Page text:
Not Just Toxics: Radioactive Waste Was Also Dumped Off Los Angeles Coast

"For decades, a graveyard of corroding barrels has littered the seafloor just off the coast of Los Angeles. It was out of sight, out of mind — a not-so-secret secret that haunted the marine environment until a team of researchers came across them with an advanced underwater camera.

Speculation abounded as to what these mysterious barrels might contain. Startling amounts of DDT near the barrels pointed to a little-known history of toxic pollution from what was once the largest DDT manufacturer in the nation, but federal regulators recently determined that the manufacturer had not bothered with barrels. (Its acid waste was poured straight into the ocean instead.)

Now, as part of an unprecedented reckoning with the legacy of ocean dumping in Southern California, scientists have concluded the barrels may actually contain low-level radioactive waste. Records show that from the 1940s through the 1960s, it was not uncommon for local hospitals, labs and other industrial operations to dispose barrels of tritium, carbon-14 and other similar waste at sea.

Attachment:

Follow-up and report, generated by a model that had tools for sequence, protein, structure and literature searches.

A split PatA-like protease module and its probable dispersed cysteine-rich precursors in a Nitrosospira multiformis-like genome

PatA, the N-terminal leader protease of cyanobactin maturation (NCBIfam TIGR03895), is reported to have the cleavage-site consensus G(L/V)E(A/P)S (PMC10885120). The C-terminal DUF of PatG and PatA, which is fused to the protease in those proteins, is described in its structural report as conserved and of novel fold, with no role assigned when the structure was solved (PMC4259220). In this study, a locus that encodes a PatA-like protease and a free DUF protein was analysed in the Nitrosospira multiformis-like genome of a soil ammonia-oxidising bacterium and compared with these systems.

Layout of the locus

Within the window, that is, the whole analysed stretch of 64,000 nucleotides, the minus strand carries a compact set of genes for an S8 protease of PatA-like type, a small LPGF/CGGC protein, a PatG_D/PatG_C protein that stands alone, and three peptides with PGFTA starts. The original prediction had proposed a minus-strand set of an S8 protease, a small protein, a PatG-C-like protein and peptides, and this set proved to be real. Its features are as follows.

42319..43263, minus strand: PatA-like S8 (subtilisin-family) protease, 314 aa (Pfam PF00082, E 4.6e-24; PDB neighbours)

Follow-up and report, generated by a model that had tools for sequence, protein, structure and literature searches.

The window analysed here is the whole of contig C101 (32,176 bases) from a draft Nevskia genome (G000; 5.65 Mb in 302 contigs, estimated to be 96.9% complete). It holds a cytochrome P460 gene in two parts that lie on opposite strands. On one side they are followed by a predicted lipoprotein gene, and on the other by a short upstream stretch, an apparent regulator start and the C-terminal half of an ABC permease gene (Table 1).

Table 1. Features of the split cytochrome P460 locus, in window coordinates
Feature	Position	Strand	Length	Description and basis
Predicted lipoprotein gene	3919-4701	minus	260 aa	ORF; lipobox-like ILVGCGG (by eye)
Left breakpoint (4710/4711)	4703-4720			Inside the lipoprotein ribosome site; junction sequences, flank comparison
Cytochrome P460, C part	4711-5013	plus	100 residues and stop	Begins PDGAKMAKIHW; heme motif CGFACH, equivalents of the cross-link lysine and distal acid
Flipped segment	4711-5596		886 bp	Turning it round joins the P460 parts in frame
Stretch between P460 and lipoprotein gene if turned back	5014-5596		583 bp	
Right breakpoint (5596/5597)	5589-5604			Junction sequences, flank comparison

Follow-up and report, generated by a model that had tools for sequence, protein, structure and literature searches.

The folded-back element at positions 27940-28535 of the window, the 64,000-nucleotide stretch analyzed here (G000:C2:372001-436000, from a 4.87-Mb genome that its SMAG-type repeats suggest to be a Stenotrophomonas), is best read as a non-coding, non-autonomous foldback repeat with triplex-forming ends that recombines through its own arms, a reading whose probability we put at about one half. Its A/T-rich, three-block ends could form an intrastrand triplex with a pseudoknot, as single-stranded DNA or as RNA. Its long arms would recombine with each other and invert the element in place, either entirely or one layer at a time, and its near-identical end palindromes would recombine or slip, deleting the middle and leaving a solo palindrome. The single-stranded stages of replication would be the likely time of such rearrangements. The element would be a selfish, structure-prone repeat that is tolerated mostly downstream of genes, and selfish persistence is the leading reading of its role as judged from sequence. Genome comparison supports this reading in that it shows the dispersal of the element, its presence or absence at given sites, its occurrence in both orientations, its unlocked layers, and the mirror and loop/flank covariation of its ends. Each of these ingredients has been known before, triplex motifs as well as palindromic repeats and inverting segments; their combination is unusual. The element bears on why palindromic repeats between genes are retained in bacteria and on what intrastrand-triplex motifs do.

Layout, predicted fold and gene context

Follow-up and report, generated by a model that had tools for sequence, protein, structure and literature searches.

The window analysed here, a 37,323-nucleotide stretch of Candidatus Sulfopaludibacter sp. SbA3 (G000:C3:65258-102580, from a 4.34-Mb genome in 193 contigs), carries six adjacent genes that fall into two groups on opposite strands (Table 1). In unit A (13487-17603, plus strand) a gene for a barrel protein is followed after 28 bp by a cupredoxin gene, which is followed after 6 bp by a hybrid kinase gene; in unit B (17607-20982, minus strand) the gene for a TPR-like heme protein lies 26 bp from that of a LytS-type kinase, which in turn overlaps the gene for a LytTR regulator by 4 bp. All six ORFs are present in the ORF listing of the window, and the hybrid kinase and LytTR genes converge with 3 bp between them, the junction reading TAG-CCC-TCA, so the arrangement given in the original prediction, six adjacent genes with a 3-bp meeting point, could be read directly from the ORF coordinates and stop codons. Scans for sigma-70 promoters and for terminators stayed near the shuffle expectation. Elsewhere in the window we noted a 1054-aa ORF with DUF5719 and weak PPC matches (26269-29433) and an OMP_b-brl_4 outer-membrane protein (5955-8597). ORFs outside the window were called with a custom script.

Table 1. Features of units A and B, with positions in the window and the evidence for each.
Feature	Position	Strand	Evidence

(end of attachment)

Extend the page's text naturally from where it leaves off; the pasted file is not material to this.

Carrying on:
“This is a classic situation of bad versus worse. It’s bad we have potential low-level radioactive waste just sitting there on the seafloor. It’s worse that we have DDT compounds spread across a wide area of the seafloor at concerning concentrations,” said David Valentine, whose research team at UC Santa Barbara had first discovered the barrels and sparked concerns of what could be inside. “The question we grapple with now is how bad and how much worse.”"

Rosanna Xia reports for the Los Angeles Times February 21, 2024.

Source: LA Times, 02/22/2024